New Book Outlines Influence Of Architect Jacob Weidenmann
By STEVE GRANT, Courant Staff Writer
October 16, 2007
Jacob Weidenmann was a significant influence on what we can call the face of Hartford, but in all likelihood, you've never heard of him.
Serious students of landscape architecture know of Weidenmann, who died more than a century ago, and respect his work. The rest of the world is essentially clueless, even the thousands of people who walk through Bushnell Park in Hartford, which Weidenmann essentially designed after an initial design turned into a mess.
Rudy J. Favretti, professor emeritus of landscape architecture at the University of Connecticut, wants to change all that.
In "Jacob Weidenmann: Pioneer Landscape Architect" (Wesleyan University Press, $49.95), Favretti works to rescue Weidenmann from what he regards as undeserved obscurity.
"Very few people know about him; I felt he was important," Favretti said in an interview.
For one thing, Favretti said, Weidenmann was highly regarded by the most prominent 19th-century landscape architects, notably Frederick Law Olmsted, who was born in Hartford and is regarded as the father of American landscape architecture. "For us here in Connecticut, where we have four of his projects that are still displaying pretty much his original design - out of five nationally - it is especially important to know about him."
Besides Bushnell Park, America's first park built entirely with public funds, Weidenmann designed Cedar Hill Cemetery, which straddles Hartford, Wethersfield and Newington and is considered a prime example of the "rural" cemetery designs that emerged in the late 19th century. Weidenmann, who died in 1893, was retained to design Cedar Hill in 1863.
"Cedar Hill is highly regarded as a rural cemetery because of the fact it has Weidenmann's concept of the open lawns, meaning there are no walls, curbs or fences," Favretti said. "Cedar Hill is more like a park with gravestones in it, if you will, with its flowing lawn and roads that follow the contours of the land. It really is an unusual space."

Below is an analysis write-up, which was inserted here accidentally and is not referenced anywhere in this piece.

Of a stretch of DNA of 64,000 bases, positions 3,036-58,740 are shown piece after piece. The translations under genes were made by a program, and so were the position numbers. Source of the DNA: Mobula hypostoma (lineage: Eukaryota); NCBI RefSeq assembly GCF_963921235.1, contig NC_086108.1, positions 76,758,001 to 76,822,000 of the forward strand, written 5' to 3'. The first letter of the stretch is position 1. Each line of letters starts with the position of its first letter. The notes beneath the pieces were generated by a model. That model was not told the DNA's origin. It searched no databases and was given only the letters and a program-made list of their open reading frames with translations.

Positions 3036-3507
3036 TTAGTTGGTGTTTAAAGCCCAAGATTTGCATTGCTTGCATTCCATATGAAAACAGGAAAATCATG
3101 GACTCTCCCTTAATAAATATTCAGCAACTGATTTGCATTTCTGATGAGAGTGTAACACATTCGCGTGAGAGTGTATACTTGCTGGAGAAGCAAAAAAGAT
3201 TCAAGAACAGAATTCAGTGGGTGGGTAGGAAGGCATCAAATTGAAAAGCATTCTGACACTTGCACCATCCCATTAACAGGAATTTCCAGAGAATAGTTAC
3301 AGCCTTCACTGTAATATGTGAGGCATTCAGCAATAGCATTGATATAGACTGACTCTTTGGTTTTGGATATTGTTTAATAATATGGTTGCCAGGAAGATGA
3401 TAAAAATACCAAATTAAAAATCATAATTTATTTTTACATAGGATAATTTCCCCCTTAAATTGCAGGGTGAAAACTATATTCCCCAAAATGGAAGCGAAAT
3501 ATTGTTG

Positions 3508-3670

Weidenmann had a close association for many years with Olmsted, communicating often. Olmsted and his partner, Calvert Vaux, prepared a landscaping outline for the Retreat for the Insane, now the Institute for Living in Hartford, that Weidenmann brought to fruition, providing much of the detail for the design.
Weidenmann also designed the gardens at what today is the historic Butler-McCook House and Garden, Hartford's oldest house. Its Victorian garden is the only surviving domestic project designed by Weidenmann. Another surviving Weidenmann commission is the capitol grounds in Des Moines.
Favretti began researching Weidenmann 40 years ago and for the past six years worked intensively on the book. He makes the case that Weidenmann ought to be considered the founder of landscape architecture in the United States.
"In the 19th century, he was the only landscape architect fully trained, as we think of training for landscape architecture today," Favretti said. Weidenmann put together his training piecemeal, because he had to. He studied architecture at one institution in Germany, engineering at another. He worked in the ateliers of several artists in Switzerland, then apprenticed at several botanical gardens.
"If you put it together, it is the same education we give landscape architecture students today, minus the computer technology," Favretti said. "In those days there were no landscape architecture programs you could go and study. He composed his own."
Still, he is overshadowed by Olmsted. But it may well be that Weidenmann today does not get credit for some of the work he did with Olmsted. Favretti found instances where Olmsted is credited with the design of projects that Weidenmann's daughter also cites in a paper she prepared listing all her father's projects.
Favretti said that could be one reason Weidenmann hasn't gotten the attention from scholars that he might have.
Weidenmann only lived in Hartford for about 10 years, but fittingly, he is buried in Cedar Hill Cemetery, in the city where the bulk of his surviving work can still be found.
Reprinted with permission of the Hartford Courant.
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